The essence of an intrusion is that the aggressor must develop a payload to breach a trusted boundary, establish a presence inside a trusted environment, and from that presence, take actions towards their objectives, be they moving laterally inside the environment or violating the confidentiality, integrity, or availability of a system in the environment. The intrusion kill chain is defined as reconnaissance, weaponization, delivery, exploitation, installation, command and control, and actions on objectives.
A kill chain is a process for finding and taking action on a target. This integrated, end-to-end process described as a “Chain" because any one deficiency will interrupt the entire process. At each step, the malware must “phone home” for more instructions. If we interrupt any one communication, we win. Rather than focusing all cyber protection efforts at one point (i.e. the perimeter), network and information defenses must be designed to interrupt the “kill chain” at multiple layers in the system. This yields a much more robust security infrastructure than traditional methods
In the real world we have to face the fact that, despite our best efforts, we are not going to be able to defend against every attack all of the time. This does not mean that information security is ineffective. On the contrary, security managers are on the front line fighting against the world's most sophisticated adversaries. But to succeed we need to stack the odds in our favor through better planning; defense strategies that frustrate attackers; and faster spotting, response, and recovery efforts. We can build the biggest castle with the largest moat to protect us but the sentry in the parapets is our most effective early warning system. We shouldn't wait till the siege engine has brought down the walls to react. As General George S. Patton, famous World War II General most noted for his actions at the Battle of the Bulge, so eloquently said, “Nobody ever defended anything successfully.”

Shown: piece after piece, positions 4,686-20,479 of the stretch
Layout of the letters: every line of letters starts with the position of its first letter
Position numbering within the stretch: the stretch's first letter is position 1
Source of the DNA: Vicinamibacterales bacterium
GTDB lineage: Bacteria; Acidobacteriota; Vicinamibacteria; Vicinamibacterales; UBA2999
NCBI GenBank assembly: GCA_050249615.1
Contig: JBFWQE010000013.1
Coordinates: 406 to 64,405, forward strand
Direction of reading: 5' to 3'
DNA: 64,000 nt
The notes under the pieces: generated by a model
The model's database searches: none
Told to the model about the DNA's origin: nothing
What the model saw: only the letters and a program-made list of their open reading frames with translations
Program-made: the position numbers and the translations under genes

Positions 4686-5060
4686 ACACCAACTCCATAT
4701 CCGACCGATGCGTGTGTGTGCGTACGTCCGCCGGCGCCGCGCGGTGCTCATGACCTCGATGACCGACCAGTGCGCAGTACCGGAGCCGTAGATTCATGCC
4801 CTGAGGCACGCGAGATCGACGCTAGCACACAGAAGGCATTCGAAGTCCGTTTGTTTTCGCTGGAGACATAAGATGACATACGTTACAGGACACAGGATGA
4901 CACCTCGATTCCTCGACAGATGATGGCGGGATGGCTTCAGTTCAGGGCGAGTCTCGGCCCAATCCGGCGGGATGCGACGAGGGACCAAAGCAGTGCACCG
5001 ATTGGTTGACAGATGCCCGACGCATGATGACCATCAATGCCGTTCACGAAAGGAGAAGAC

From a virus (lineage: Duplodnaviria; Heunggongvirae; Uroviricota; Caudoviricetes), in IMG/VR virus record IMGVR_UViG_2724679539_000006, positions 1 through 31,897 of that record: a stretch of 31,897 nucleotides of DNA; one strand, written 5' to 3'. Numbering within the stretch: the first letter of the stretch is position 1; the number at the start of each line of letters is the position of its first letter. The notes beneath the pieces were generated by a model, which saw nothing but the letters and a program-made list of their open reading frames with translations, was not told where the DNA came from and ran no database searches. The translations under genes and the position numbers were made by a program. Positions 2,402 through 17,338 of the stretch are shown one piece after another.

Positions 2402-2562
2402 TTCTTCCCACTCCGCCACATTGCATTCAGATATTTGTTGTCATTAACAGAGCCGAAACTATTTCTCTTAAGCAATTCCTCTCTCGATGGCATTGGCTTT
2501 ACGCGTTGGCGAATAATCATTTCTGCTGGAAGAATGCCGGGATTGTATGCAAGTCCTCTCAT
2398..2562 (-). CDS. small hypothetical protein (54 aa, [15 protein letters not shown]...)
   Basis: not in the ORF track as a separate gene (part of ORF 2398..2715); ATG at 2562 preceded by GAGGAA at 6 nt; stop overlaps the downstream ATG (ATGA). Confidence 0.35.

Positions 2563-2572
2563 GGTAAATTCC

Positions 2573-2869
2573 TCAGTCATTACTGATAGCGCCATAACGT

While we in industry can't really go on the offensive, though the idea is interesting, we must realize that as a corporation we tend to be a somewhat large, static object. Nothing is easier to target than something that is not moving or in the case of industry, remains unchanging. We cannot rest on our laurels and must be constantly varying the target landscape that we present to the hackers. We need to be proactive in what we do and not reactive. Sort of like the Star Trek series where they adjust the shield modulation to thwart the enemies ability to penetrate their defensive perimeter around the star ship Enterprise. Also, another huge lesson from Star Trek is: Never be the landing party crewman in the red shirt – it means you will be the one to die. (Fashion tips for your next board meeting update)
George S. Patton also said that if everyone is thinking alike, then somebody isn't thinking. To effectively counter the bad guys we need to think outside of the box. Using the same defense strategies and tools that every other corporation uses just makes the job easier for the bad guys. We need to be creative in our approaches. They know how we think, act and respond. We need to start thinking, acting and responding like them.
Gene Fredriksen is the Chief Information Security Officer for PSCU. In this role he is responsible for the development of information protection and technology risk programs for the company. Gene has over twenty-five years of Information Technology experience, with the last twenty focused specifically in the area of Information Security. In this capacity, he has been heavily involved with all areas of Audit and Security.